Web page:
Not too long ago (roughly only two years ago, in fact), the fashion industry scoffed at sites like YouTube, Twitter and Facebook as a means of testing product opinion, unveiling new designs and solidifying or building a consumer base. Not so anymore though, the wave of social media has even crested the ever-aloof and stand-offish fashion industry. Where once, fashion insiders kept a cool distance from their loyal customers, now they’re attempting to connect with, understand, and relate to them like never before.
Perhaps it’s the infringing constraints of the economic downturn, the rise of entrepreneurs, or simply the mass and instantaneous awareness that the internet offers, which we’ve come to embrace as a means of, not only knowledge, but financial stability; whatever the reason, fashion professionals have embraced social media, and it has in-turn, paid the industry back tenfold.
YouTube Fashion Short Films
The biggest trend over the last year in fashion marketing has been YouTube short films. These two – five minute video segments feature chosen pieces from a designer’s new collection that are then streamed, bookmarked, and linked the heck out of, all over the internet. This is a great tool for the industry because it affords longer ad spots than television commercials allow for and gives a brand the chance to zero-in on its direct consumer base.
DKNY recently featured just such an ad, with the aid of fashion publicist Kelly Cutrone of People’s Revolution. You may have seen bits of the DKNY “Heads Will Roll” film on the season finale of Bravo’s reality TV show “Kell on Earth,” which chronicles the daily life of Kelly Cutrone. You can read more about the DKNY ad here. Notable fashion houses such as Chanel and Dior have also made use of YouTube’s popularity, each preparing their own profitable short films.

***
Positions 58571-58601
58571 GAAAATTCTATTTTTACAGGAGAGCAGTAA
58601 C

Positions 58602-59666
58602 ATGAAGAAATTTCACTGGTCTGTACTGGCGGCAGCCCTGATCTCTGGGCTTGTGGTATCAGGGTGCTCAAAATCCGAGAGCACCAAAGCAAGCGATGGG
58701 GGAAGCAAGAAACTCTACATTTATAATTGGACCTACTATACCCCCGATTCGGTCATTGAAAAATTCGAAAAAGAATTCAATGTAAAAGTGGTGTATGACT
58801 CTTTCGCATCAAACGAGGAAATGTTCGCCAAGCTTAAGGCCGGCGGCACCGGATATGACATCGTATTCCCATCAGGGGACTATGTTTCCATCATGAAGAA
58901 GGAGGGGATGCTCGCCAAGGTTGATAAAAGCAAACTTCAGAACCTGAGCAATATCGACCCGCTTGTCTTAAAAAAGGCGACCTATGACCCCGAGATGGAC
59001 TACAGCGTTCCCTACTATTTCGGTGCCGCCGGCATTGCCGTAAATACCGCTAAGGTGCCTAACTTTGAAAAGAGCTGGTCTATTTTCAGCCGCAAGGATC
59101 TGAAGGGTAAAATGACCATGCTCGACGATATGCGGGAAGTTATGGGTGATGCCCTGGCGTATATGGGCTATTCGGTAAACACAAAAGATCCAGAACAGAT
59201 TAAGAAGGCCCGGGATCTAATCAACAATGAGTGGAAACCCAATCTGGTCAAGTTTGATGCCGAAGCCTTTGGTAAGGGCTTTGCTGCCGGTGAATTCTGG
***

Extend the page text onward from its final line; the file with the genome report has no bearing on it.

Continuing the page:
Social Media and Bookmarking Sites
Twitter and Facebook of course are the most commonly used and referenced social media sites, and make no mistake, fashion and the two get on quite well together; but there are a few others just beginning to emerge on the fashion scene.
According to Macala Wright Lee, blogger for Mashable.com, there are a couple new sites that will be sure to influence social media, and undoubtedly, fashion.
Up-and-Coming Social Media Sites:
If you like to be ahead of the curve, I would go ahead and sign up now for the sites mentioned above because I’m sure they will grow quickly.
Interactive Fashion-based Sites:
Aside from the standard social media sites where you can meet and connect with like-minded people, there are also some interactive / hands-on sites which allow fashionistas to create mood boards, hone their graphics skills, and shop or browse in new and exciting ways.
Offers users the chance to create mood boards using Polyvore’s signature fashion graphics.
Weardrobe: The main Weardrobe website contains, among other things, a branch-off link to Covet. Covet contains an interesting new feature for shoppers: The Stylyzer ™. The Stylyzer ™ acts as a sort of personal shopper, assessing the user’s particular style requirements, favorite trends, and most flattering colors before making a purchase.
Fashion Mobile Applications
The newest trend to emerge in fashion social media is cell phone apps. Fashion companies left and right are adding mobile apps to their marketing scheme with great success. This is still a pretty new area in fashion marketing, so be on the look-out for some of the new phone applications. TrendStop is just one of the many fashion companies capitalizing on apps right now. They are now offering their trending news and reports via mobile service. Most companies currently only offer these apps to the more expensive mobile devices, such as iphone and Blackberry, but as time goes by, these will be more accessible.
If fashion is an area of interest to you, I encourage you to check out Mashable.com for more news and information about all of the emerging social media uses in the fashion industry.
All details and information regarding specific YouTube short film campaigns gathered from: BlackBookMag.com and ViewonFashion.com.
All information and specifics on new social media sites gathered from Mashable.com, “5 Ways Social Media Changed Fashion in 2009” by Macala Wright Lee.
All YouTube short film information gathered from a Google search of YouTube short films by Chanel and Dior in order to verify that both design houses had indeed released short films last year. I had heard that somewhere and couldn’t remember where, but the search proved the information to be accurate.